Bonding RequirementsNumber C-03-07 7/12/2007 July 12, 2007
In January 2004, the Federal Transit Administration (FTA) issued a letter to its transit constituents to clarify the performance bond requirements policy described in FTA Circular 4220.1E, Third Party Contracting Requirements. The Circular is available on line at http://www.fta.dot.gov/ laws/circulars/leg_reg_4063.html. In consulting with members of the transit business community, it has come to my attention that the high cost of performance bonds continues to directly impact both our grantee’s bottom line and competition within the industry.
Although the Common Grant Rule requires that performance bonds secure the Federal interest in construction projects, there is no Federal regulation, statute, FTA Circular or Order that requires or prohibits performance bonds in transit management solicitations and other non-construction contracts. FTA leaves to the good business judgment of our grantees the discretion to determine the appropriate amount of bonding, if any, to incorporate in non-construction contracts.
It is the responsibility of each transit agency to assess the risks involved in any given procurement and carefully balance those risks against the cost and competitive impacts of bonding requirements. At FTA, we have worked closely with the transit community to identify cost-effective ways to manage risks and share that information through our Best Practices Procurement Manual, Section 8.2.1. The Manual is a compilation of successful approaches, methods and examples based on the Federal acquisition process, Comptroller General decisions and “best practices” reported by grantees and other industry partners. The Manual is available on line at http://www.fta.dot.gov/funding/thirdpartyprocurement/bppm/grants_financing_6191.html.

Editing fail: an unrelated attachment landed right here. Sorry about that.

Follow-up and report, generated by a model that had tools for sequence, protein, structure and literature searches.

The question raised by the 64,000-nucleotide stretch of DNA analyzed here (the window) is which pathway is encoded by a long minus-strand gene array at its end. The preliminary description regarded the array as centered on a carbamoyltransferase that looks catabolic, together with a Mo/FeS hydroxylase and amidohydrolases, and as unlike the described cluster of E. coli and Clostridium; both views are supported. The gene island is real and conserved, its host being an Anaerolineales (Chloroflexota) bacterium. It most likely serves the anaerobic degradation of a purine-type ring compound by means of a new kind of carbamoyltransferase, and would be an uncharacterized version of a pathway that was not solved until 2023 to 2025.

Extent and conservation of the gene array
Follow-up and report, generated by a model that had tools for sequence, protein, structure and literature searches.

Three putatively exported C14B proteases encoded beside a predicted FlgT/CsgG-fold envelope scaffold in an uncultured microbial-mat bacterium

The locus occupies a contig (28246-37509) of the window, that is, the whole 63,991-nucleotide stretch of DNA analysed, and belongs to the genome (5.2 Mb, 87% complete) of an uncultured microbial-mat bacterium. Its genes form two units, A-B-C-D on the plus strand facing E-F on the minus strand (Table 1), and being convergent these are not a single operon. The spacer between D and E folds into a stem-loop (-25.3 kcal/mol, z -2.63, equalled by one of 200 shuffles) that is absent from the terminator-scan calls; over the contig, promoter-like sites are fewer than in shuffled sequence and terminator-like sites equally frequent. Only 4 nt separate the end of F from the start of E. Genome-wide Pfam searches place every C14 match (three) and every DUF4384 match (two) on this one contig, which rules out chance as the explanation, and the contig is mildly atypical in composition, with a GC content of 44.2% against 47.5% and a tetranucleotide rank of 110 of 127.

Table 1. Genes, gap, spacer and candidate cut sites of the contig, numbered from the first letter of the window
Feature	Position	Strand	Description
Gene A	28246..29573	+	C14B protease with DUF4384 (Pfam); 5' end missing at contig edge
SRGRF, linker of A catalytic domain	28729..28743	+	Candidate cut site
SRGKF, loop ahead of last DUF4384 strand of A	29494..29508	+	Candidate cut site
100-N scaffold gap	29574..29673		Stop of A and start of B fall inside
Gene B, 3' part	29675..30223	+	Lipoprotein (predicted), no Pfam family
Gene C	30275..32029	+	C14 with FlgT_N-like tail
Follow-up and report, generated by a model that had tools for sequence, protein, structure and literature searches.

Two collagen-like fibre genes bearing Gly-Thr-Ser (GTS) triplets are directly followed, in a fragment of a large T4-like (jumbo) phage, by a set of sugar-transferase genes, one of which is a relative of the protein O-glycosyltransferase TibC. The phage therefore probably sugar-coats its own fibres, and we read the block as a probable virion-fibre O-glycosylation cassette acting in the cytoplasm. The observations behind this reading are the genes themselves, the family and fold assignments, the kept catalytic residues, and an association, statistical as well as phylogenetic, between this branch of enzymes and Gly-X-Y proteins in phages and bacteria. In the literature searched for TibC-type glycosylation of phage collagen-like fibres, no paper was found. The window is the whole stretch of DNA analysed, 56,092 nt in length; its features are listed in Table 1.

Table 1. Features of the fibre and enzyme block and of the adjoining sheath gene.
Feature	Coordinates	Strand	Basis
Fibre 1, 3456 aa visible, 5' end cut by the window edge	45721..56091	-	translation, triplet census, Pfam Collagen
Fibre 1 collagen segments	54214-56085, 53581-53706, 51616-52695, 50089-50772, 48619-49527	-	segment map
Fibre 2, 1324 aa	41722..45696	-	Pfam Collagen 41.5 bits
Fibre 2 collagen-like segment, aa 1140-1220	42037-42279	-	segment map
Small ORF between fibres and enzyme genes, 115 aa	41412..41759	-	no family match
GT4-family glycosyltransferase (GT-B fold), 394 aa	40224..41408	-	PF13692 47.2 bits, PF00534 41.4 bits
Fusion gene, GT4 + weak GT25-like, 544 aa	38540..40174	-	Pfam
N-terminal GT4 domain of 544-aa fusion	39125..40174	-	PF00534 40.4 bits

As competition for public resources becomes ever more intense, it is incumbent upon each of us to maximize the benefits generated by every transit dollar. Please review your bonding practices to ensure that you are prudently utilizing this important tool to its best advantage.
James S. Simpson